Ethan, born at 27 weeks, fights to beat the odds

WHEN Ethan Novotny was born on May 28 last year, he weighed just 597 grams.

Ethan Novotny, pictured with his mother Gabrielle Balfour-Glassey, was born premature at 27 weeks’ gestation. PICTURE: LACHLAN BENCE

Ethan Novotny, pictured with his mother Gabrielle Balfour-Glassey, was born premature at 27 weeks’ gestation. PICTURE: LACHLAN BENCE

His first cuddle with his parents was when he was  21 days old and his first night spent at the family’s Alfredton home was “day 126”.

Ethan was born at 27 weeks’ gestation after his mother, Gabrielle Balfour-Glassey, was rushed to Heidelberg’s Mercy Hospital at 25 weeks due to pre-eclampsia.

“At 16 weeks, they said he was quite small. At 20 weeks, they said he was two weeks behind in growth and at 23 weeks, I knew something wasn’t right,” Ms Balfour-Glassy said.

After being admitted to the Ballarat Base Hospital at 25 weeks, Ms Balfour-Glassey was given steroids to prevent labour and get Ethan through to 27 weeks so he could stay in Ballarat.

However, Ms Balfour-Glassey’s rising blood pressure saw her taken to Melbourne, with the hope of stabilising the pregnancy so she could still have her baby in Ballarat around 34 weeks.

Blood pressure medication, foetal monitoring and twice-daily scans were carried out for a few days before it became obvious Ethan’s umbilical cord blood flow had slowed and he was not putting on any weight in utero.

“It never even entered my thoughts at all that I wouldn’t have a normal, healthy pregnancy,” Ms Balfour-Glassey said.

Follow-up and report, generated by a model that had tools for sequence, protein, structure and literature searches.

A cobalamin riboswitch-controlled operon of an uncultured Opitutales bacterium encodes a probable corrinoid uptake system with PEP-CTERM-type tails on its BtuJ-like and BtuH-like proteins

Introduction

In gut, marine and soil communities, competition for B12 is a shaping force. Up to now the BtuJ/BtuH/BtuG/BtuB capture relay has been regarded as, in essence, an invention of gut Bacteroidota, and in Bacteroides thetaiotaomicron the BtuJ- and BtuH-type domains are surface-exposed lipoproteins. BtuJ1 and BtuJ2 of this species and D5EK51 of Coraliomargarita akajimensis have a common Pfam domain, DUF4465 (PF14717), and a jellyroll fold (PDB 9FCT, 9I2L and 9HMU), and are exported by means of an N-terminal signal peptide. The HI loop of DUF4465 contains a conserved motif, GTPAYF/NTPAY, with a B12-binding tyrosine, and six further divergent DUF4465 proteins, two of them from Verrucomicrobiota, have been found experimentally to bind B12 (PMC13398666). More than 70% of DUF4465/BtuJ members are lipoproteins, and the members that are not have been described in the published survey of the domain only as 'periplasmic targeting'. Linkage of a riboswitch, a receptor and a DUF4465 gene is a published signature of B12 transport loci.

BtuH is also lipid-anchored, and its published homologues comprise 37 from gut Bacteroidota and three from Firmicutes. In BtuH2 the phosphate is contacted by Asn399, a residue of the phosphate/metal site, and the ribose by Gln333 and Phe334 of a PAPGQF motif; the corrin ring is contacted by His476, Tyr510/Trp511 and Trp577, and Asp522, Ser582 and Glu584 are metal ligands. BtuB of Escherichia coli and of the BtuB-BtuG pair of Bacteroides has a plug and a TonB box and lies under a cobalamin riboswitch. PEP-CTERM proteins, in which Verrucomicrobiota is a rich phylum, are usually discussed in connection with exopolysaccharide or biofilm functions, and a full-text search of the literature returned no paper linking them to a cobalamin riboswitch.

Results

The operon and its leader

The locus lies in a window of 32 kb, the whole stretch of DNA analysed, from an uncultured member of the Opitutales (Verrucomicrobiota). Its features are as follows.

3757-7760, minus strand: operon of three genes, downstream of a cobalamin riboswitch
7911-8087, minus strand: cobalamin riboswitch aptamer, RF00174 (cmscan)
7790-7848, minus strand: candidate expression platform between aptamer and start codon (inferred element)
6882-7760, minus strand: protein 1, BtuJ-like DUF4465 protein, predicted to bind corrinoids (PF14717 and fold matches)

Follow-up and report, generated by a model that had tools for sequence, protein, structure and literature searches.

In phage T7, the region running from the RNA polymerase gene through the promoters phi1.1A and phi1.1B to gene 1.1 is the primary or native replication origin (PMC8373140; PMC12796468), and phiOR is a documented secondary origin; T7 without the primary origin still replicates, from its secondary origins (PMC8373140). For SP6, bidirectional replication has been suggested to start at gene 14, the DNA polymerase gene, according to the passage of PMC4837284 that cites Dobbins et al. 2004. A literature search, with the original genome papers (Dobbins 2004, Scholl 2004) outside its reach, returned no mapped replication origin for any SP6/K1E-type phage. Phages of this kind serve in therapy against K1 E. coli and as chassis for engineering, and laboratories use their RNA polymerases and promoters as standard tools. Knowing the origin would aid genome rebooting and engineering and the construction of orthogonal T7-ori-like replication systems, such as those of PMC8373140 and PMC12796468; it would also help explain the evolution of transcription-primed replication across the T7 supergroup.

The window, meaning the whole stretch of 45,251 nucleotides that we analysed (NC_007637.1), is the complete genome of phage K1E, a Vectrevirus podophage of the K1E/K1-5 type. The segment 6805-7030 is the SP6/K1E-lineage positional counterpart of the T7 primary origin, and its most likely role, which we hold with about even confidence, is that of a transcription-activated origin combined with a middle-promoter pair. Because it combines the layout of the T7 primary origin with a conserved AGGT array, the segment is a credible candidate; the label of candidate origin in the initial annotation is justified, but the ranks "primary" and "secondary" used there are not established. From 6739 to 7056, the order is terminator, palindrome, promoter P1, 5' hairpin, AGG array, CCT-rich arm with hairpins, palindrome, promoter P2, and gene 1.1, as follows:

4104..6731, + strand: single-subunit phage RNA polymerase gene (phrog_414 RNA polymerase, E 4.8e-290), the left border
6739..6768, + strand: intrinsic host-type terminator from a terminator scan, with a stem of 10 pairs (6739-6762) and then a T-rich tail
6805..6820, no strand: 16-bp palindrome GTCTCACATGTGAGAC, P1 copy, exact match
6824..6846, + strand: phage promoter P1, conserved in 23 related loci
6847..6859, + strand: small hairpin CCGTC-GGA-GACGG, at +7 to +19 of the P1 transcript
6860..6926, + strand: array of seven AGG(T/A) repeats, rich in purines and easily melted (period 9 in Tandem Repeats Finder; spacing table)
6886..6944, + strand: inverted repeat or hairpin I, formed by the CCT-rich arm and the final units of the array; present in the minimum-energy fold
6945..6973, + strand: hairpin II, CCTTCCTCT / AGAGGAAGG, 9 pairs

Ms Balfour-Glassey and her partner Dave Novotny were asked to discuss resuscitation options.

“They thought he wouldn’t come out breathing,” she said.

“We told them to do what they would normally do for a 27-week-old baby, even though he was only the size of a 23-week baby which they wouldn’t aggressively resuscitate.”

Ms Balfour-Glassey had a caesarean under general anaesthetic at 12pm but didn’t see Ethan until 8pm because he was so small that it took eight hours to get his medical equipment fitted.

“Dave came up with a photo on his phone and said ‘here’s our baby’,” she said.

Ethan was born breathing but still required a ventilator and, during his four-month hospital stay, received a blood transfusion, suffered a collapsed lung and had sepsis.

Ethan came back to the Ballarat Base Hospital’s special care nursery for another month before going home in late September.

However, he was still on oxygen 24 hours a day, which was only removed last month.

Keen to help other mums through premature baby experiences, Ms Balfour-Glassey contacted the Life’s Little Treasure Foundation, which supports families of premature and sick babies.

She has since set up a Ballarat support group that meets monthly at the Ballarat Library.

“It’s been amazing. They know what I’m talking about when I say SATS monitors and different machines,” she said.

To join the group or find out more information, contact Ms Balfour-Glassey on 0458 514 039.

fiona.henderson@fairfaxmedia.com.au

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